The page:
Based on these preliminary results, intraoperative ultrasonography is an attractive neuronavigational alternative, by which a less expensive and constraining imaging technique is used to acquire updated information. Optimal intraoperative guidance can be provided by the integration of this with other imaging studies.

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Fred J. Epstein, Jean-Pierre Farmer and Steven J. Schneider

T he traditional management of intramedullary spinal cord tumors consisted largely of biopsy and augmentation duraplasty, followed by adjunctive therapy. 9, 12, 14, The major technical reason for this was the surgeon's inability, despite microsurgical techniques, to establish clear anatomical landmarks for guiding the resection. In recent years a more radical approach has been successfully adopted with both ependymomas and astrocytomas. 4, 5, 7, 8, 11, 14, 17, 18 We have found that intraoperative ultrasonography, first described in 1982, 2, 3, 11 provides

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Yi Wang, Yong Wang, Yida Wang, Nobuyuki Taniguchi and Xian-Cheng Chen

to successful AVM surgery is obliteration of the feeding arteries early in the dissection. 4 , 14 , 20 Intraoperative ultrasonography is sometimes useful in locating the AVM nidus, and color Doppler ultrasonography may help identify the vascular anatomy of the lesion. 2 , 7 , 8 , 21 , 23 Because of the unique hemodynamics of this lesion, however, it is sometimes difficult to differentiate between lesion-associated arteries and veins or between feeding arteries and surrounding normal arteries by using a color or pulsed Doppler mode alone. Since the introduction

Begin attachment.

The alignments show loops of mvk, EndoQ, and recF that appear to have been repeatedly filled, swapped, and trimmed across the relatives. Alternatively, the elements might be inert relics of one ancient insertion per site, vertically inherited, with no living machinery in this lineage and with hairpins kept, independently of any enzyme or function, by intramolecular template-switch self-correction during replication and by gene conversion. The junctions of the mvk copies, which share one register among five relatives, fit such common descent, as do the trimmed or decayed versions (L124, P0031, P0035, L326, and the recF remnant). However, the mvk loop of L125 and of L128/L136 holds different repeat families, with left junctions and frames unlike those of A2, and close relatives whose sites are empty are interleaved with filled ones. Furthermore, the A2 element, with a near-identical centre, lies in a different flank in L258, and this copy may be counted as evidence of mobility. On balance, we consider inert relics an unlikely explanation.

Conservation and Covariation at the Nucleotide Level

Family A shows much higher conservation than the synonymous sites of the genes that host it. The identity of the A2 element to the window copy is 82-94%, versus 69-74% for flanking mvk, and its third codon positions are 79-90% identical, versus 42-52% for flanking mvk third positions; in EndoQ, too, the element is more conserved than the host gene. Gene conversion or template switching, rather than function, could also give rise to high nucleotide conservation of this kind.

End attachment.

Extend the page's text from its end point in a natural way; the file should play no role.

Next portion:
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Edward H. Oldfield, Karin Muraszko, Thomas H. Shawker and Nicholas J. Patronas

observations unexplained, 3, 5, 67 and few direct observations provide convincing support for either. To examine the mechanism of the progression of syringomyelia associated with Chiari I malformations of the cerebellar tonsils, we used dynamic magnetic resonance (MR) imaging and intraoperative ultrasonography in seven patients to assess the dynamics of the wall of the spinal cord surrounding the syrinx, the cerebellar tonsils, and the syrinx cavity during the cardiac cycle, the positive-pressure respiratory cycles, and Valsalva maneuvers before and after bone and dural

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Matteo Zoli, Giacomo Sollini, Laura Milanese, Emanuele La Corte, Arianna Rustici, Federica Guaraldi, Sofia Asioli, Luigi Cirillo, Ernesto Pasquini and Diego Mazzatenta

( Fig. 1 ). Sharp instruments should not be used to avoid direct muscle or nerve damage; we also avoid detaching the medial rectus muscle. 24 , 40 In particular cases, an external approach may be combined with the EEA to mobilize the tumor and favor its removal through the endonasal approach. To reduce the risk of losing orientation or misinterpreting the pathological tissue, we have adopted intraoperative ultrasonography to localize the tumor, avoiding the limitations of neuronavigation due to the shift of the orbital structures after incising the periorbita. At the

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Noriaki Kawakami, Kentaro Mimatsu, Fumihiko Kato, Yuji Kondo, Hisao Itoh and Toshiyuki Matsunaka

well-enhanced tumor mass with syrinxes located cranially and caudally to the mass in the cervical spinal cord. At surgery, after exposure of the dura mater by lamina-splitting laminoplasty from C-2 to T-5, intraoperative ultrasonography was performed by the saline-immersion method using a routine transducer (7.5 MHz, linear array). The transducer was too large to be introduced into the laminectomy space, and it was almost impossible to confine a pool of saline for scanning at the kyphotic area around the T-3, T-4, and T-5 vertebrae; however, it was possible to